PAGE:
The Folger Shakespeare Library, home to the world’s largest Shakespeare collection, brings Richard III to life with this new full-length, full-cast dramatic recording of its definitive Folger Edition.
In Richard III, Shakespeare invites us on a moral holiday. The play draws us to identify with Richard and his fantasy of total control of self and domination of others. Not yet king at the start of the play, Richard presents himself as an enterprising villain as he successfully plans to dispose of his brother Clarence. Richard achieves similar success in conquering the woman he chooses to marry. He carves a way to the throne through assassination and executions.
But Richard also meets resistance, most threateningly from Queen Margaret, widow of King Henry VI, whom he killed before the play’s beginning. Margaret issues a stream of curses, including one on Richard.
Gradually, the curses are fulfilled, suggesting the curse on Richard may come true, too. Increasingly, the play directs our sympathies away from Richard. His supporters desert him; his victims pile up. We may begin to share in the desire for vengeance voiced by Margaret.
This new unabridged audio recording of the well-respected edition of Shakespeare’s classic—expertly produced by the Folger Theatre—is perfect for students, teachers, and the everyday listener.
William Shakespeare was born in April 1564 in the town of Stratford-upon-Avon, on England’s Avon River. When he was eighteen, he married Anne Hathaway. The couple had three children—an older daughter Susanna and twins, Judith and Hamnet. Hamnet, Shakespeare’s only son, died in childhood. The bulk of Shakespeare’s working life was spent in the theater world of London, where he established himself professionally by the early 1590s. He enjoyed success not only as a playwright and poet, but also as an actor and shareholder in an acting company. Although some think that sometime between 1610 and 1613 Shakespeare retired from the theater and returned home to Stratford, where he died in 1616, others believe that he may have continued to work in London until close to his death.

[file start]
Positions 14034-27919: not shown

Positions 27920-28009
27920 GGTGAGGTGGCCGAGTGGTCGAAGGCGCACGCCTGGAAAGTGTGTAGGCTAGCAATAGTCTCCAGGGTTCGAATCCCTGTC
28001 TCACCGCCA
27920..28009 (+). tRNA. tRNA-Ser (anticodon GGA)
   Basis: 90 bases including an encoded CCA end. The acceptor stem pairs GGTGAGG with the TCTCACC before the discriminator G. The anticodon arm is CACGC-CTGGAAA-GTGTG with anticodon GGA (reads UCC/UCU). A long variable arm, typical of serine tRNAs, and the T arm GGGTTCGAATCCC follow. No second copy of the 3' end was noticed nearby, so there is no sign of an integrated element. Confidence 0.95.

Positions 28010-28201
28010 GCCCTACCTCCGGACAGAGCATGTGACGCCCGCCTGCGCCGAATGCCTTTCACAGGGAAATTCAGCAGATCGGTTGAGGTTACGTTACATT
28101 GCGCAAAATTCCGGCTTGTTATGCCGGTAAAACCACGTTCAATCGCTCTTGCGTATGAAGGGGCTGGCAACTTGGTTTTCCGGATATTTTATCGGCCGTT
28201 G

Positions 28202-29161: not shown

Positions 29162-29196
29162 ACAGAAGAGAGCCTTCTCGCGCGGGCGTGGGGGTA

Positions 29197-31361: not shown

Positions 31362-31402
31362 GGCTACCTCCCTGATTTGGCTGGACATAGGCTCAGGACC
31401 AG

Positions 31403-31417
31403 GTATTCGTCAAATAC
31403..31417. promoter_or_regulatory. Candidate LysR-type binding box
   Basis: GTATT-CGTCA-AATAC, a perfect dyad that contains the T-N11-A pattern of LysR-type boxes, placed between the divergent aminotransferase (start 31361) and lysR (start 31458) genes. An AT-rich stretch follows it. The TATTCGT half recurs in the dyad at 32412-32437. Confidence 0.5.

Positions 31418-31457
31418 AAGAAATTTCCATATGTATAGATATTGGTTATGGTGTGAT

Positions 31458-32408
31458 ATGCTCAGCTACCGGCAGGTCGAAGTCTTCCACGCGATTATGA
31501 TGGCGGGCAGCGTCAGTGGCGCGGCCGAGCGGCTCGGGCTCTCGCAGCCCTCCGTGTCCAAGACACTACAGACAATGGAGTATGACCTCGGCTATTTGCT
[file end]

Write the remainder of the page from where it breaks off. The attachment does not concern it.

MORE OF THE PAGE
The Folger Shakespeare Library is a world-renowned research center on Shakespeare and on the early modern age in the West. Its conservation lab is a leading innovator in the preservation of rare materials. Its well-known public programs include plays, concerts, literary readings, family activities, and exhibitions, as well as numerous programs for students and teachers. The Folger also publishes the illustrated, completely re-edited Folger Editions of Shakespeare's plays, award-winning exhibition catalogs, and the journal Shakespeare Quarterly. The Folger opened in 1932 as a gift to the American nation from Henry Clay Folger and his wife Emily Jordan Folger. It is administered by a Board of Governors under the auspices of Amherst College, Henry Folger’s alma mater.